To ask Her Majesty’s Government what plans they have for the proposed tunnel by-passing Stonehenge.
My Lords, I am very fortunate to be a local resident. We have had more than 20 years of dispute between stakeholders—
The noble Lord should put the Question standing on the Order Paper.
I beg your pardon. I beg to put the Question standing in my name.
My Lords, the development consent order, or DCO, application for a new two-lane dual carriageway for the A303 between Amesbury and Berwick Down is currently with the Secretary of State for determination. Last week, the Government announced a further extension of the decision deadline until 13 November 2020. This is to enable further consultation following a recent archaeological find.
My Lords, as I said, I am very fortunate to be a local resident. We have had more than 20 years of dispute between stakeholders over this project. The costs are rising above £2 billion and they carry on rising. Now there is further delay. Does my noble friend agree that it seems unlikely that any tunnel could be finished much before 2030, by which time semiautonomous electric vehicles will be commonplace—perhaps even compulsory—making the traffic past Stonehenge less intrusive, less polluting and easier to manage? Because of these advances in vehicle technology, is it just possible that by the time any tunnel might be completed it could already be on the verge of becoming a hugely expensive white elephant?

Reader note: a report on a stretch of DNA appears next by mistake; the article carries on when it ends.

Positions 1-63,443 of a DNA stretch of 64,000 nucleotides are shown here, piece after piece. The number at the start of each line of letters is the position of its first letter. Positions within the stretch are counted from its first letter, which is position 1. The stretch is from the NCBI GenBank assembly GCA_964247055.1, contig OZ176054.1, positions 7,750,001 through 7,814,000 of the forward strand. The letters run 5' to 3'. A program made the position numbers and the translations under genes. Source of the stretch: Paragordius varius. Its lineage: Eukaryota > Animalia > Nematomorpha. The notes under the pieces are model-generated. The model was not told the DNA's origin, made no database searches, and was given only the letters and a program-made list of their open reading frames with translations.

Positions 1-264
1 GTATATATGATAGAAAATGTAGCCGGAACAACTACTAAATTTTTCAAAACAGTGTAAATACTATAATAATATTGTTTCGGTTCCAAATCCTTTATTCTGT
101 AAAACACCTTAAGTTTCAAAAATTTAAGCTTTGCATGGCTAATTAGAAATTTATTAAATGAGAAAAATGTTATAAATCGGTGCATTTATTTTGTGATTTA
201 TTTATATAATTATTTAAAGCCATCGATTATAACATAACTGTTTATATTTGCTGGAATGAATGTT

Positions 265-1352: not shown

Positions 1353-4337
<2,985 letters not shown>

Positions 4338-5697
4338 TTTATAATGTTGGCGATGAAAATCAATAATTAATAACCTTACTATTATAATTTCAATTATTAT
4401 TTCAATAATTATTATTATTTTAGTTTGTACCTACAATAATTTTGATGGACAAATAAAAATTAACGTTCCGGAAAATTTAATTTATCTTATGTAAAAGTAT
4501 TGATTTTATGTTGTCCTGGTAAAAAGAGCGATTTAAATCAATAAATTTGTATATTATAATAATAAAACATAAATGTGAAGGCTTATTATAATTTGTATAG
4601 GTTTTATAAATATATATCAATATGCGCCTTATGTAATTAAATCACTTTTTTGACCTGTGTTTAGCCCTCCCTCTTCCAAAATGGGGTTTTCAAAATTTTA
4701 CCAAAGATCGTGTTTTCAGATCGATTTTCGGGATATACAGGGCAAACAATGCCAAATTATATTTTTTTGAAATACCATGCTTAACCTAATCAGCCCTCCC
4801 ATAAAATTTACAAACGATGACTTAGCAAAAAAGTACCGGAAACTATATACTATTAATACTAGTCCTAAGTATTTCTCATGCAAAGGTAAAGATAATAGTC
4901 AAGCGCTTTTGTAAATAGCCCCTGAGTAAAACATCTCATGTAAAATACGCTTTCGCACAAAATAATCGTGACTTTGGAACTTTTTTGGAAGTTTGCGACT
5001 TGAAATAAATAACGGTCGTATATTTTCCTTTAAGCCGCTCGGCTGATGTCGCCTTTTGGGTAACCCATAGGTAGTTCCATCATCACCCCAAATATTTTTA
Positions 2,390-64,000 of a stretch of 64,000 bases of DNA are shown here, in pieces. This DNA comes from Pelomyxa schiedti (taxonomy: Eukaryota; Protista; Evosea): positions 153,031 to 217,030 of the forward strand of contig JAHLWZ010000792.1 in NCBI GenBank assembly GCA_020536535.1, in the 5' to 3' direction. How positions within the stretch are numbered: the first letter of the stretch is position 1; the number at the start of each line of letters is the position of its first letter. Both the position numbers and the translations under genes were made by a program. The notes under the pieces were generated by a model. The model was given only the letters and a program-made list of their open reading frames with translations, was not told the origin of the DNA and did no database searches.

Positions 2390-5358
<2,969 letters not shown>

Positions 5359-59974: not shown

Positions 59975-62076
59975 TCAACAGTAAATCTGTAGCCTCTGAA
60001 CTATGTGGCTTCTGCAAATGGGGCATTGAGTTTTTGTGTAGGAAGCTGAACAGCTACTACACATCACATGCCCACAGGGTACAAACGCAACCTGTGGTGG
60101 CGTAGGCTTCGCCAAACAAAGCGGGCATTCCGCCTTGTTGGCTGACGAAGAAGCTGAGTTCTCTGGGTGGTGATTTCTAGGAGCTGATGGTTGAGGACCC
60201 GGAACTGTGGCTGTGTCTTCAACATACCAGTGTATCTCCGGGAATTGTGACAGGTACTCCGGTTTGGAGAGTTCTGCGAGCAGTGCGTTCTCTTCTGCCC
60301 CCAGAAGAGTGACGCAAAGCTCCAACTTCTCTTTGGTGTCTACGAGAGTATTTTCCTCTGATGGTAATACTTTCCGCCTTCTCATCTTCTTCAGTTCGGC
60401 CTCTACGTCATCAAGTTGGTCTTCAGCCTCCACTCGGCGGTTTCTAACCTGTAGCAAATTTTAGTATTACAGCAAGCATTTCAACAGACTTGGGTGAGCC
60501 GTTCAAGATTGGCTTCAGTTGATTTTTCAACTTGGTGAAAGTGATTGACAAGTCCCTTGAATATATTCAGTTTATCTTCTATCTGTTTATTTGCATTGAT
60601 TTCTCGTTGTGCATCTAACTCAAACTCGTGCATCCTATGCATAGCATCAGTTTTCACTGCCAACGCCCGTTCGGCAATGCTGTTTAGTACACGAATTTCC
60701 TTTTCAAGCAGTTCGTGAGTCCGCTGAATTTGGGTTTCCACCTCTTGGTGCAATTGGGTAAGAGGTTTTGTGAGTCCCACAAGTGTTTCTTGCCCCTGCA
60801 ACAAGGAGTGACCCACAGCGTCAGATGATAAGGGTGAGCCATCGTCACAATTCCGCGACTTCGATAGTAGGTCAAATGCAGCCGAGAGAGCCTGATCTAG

The Government share my noble friend’s ambition for automation with vehicles and we are working at pace to look at how we can bring that in. However, automated vehicles still need road space and further road enhancements will therefore be necessary. I cannot at this stage comment on how long it would take for a tunnel to be built.